Saturday, March 23, 2013

Racism and Sexism.

I've been reading some essays by Delores S. Williams this week in response to James Cone's black liberation theology. Williams responds to Cone from a black womanist perspective, and I wish I could express how challenging her writings have been to read over the last couple of days. There is so much to say about Williams and her questions, concerns, critiques, and objections to black liberation theology despite her support of it. One can not read Williams and emerge unchanged in relation to her particular critiques of black liberation theology (or a general biblical hermeneutic of liberation). What I find particularly remarkable about Williams' critiques of Cone is that she makes him aware of how critical sexism is to the fight for liberation and the inherent interconnectedness of racism and sexism. The patriarchal subjugation of black women is not simply a secondary or minor issue that must be addressed within the black community, but rather an essential part of the black struggle against racism. These are some of the powerful questions she asks of Cone:
"It sounded good, indeed, to hear Cone say, 'If we black male theologians do not take seriously the need to incorporate into our theology a critique of our sexist practices in the black community, then we have no right to complain when white theologians snub black theology.'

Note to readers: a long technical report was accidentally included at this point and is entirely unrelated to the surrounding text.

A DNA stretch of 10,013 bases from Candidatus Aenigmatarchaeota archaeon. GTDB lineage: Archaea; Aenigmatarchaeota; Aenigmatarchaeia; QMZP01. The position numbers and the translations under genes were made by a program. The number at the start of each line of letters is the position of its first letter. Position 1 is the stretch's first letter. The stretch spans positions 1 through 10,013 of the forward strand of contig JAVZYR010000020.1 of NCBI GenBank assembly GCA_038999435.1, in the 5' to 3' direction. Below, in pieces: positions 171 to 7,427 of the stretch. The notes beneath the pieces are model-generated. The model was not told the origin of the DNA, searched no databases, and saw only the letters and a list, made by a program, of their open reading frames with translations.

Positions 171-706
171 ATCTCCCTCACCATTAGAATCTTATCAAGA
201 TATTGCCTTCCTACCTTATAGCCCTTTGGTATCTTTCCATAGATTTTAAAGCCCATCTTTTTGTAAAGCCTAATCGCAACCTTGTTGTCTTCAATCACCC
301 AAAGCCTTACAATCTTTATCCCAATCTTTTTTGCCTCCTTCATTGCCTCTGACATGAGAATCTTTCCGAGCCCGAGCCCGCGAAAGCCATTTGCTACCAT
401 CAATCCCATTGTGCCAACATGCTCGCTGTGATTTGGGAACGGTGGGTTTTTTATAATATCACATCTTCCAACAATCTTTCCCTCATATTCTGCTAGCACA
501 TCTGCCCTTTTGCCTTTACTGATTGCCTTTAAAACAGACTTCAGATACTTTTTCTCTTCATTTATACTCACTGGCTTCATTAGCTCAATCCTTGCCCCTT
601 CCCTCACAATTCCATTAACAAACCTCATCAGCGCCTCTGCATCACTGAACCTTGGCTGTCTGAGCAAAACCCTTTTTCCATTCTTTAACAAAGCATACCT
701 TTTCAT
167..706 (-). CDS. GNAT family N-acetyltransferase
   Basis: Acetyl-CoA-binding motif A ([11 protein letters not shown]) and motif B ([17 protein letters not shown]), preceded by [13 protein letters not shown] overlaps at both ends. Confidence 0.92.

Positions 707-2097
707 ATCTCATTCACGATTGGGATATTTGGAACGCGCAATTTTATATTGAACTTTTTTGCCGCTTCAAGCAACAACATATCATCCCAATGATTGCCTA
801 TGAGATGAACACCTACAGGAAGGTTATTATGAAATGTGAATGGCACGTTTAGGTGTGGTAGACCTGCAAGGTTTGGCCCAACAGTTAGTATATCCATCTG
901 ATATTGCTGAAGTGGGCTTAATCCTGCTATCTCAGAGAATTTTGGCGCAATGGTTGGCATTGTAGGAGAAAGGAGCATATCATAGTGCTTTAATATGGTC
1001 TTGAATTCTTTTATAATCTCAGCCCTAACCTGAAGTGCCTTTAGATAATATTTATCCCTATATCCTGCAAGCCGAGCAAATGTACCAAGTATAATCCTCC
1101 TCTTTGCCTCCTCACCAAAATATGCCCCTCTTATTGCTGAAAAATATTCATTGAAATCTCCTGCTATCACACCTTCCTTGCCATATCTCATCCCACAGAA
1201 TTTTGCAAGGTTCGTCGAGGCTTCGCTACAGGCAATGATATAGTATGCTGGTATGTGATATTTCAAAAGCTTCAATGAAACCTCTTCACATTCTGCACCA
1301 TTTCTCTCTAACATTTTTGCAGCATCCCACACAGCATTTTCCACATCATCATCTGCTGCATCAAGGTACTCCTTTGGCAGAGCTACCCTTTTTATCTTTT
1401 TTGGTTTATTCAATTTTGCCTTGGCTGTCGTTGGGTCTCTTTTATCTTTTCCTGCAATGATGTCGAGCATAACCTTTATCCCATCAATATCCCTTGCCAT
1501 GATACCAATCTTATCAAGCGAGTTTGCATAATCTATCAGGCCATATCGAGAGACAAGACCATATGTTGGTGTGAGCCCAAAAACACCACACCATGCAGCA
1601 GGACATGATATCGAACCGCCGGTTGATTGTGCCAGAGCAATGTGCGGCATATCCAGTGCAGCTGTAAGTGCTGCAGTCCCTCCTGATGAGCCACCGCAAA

Yet when I paraphrased some of the quotations from Malcolm X and others that Cone used in the 1986 preface [of A Black Theology of Liberation], I was stunned by the kind of action intimated for black women struggling to be free of sexist oppression in the black community. I found myself asking: Could Cone affirm the action for black women that logically follows what he and Malcolm X say in the book? For instance, take this quote from Malcolm X that appeared in Cone's new preface: 'I believe in a religion that believes in freedom. Any time I have to accept a religion that won't let me fight a battle for my people, I say to hell with that religion.' As a black womanist-feminist theologian, I paraphrase that quotation to say, 'Any time I have to accept a religion that won't let me fight a battle for oppressed black women, I say to hell with that religion.' Inasmuch as black Christian religion - manifested in the practice and theology of the black church - is often antagonistic to women's struggle for liberation, black Christian women could say, 'To hell with the black church and the black expression of Christian religion in it.' This could mean that the black church in America might cease to exist, since black women are its blood, bone, and sinew. If black women said 'to hell with the sexist black churches' and left them, thereby allow them to crumble, could Cone validate this action? Part of me wants to say he could; another part of me is uneasy, given the absence of black women's words of wisdom and advice from Cone's preface. All the inspiration, wisdom, and advice contained in the material Cone quotes comes from men like Malcolm X, and on occasion, W.E.B. DuBois and Martin Luther King. Not a single woman is named, quoted, or given credit for contributing to the transformations Cone says he had made in his thought and style in the last twenty years.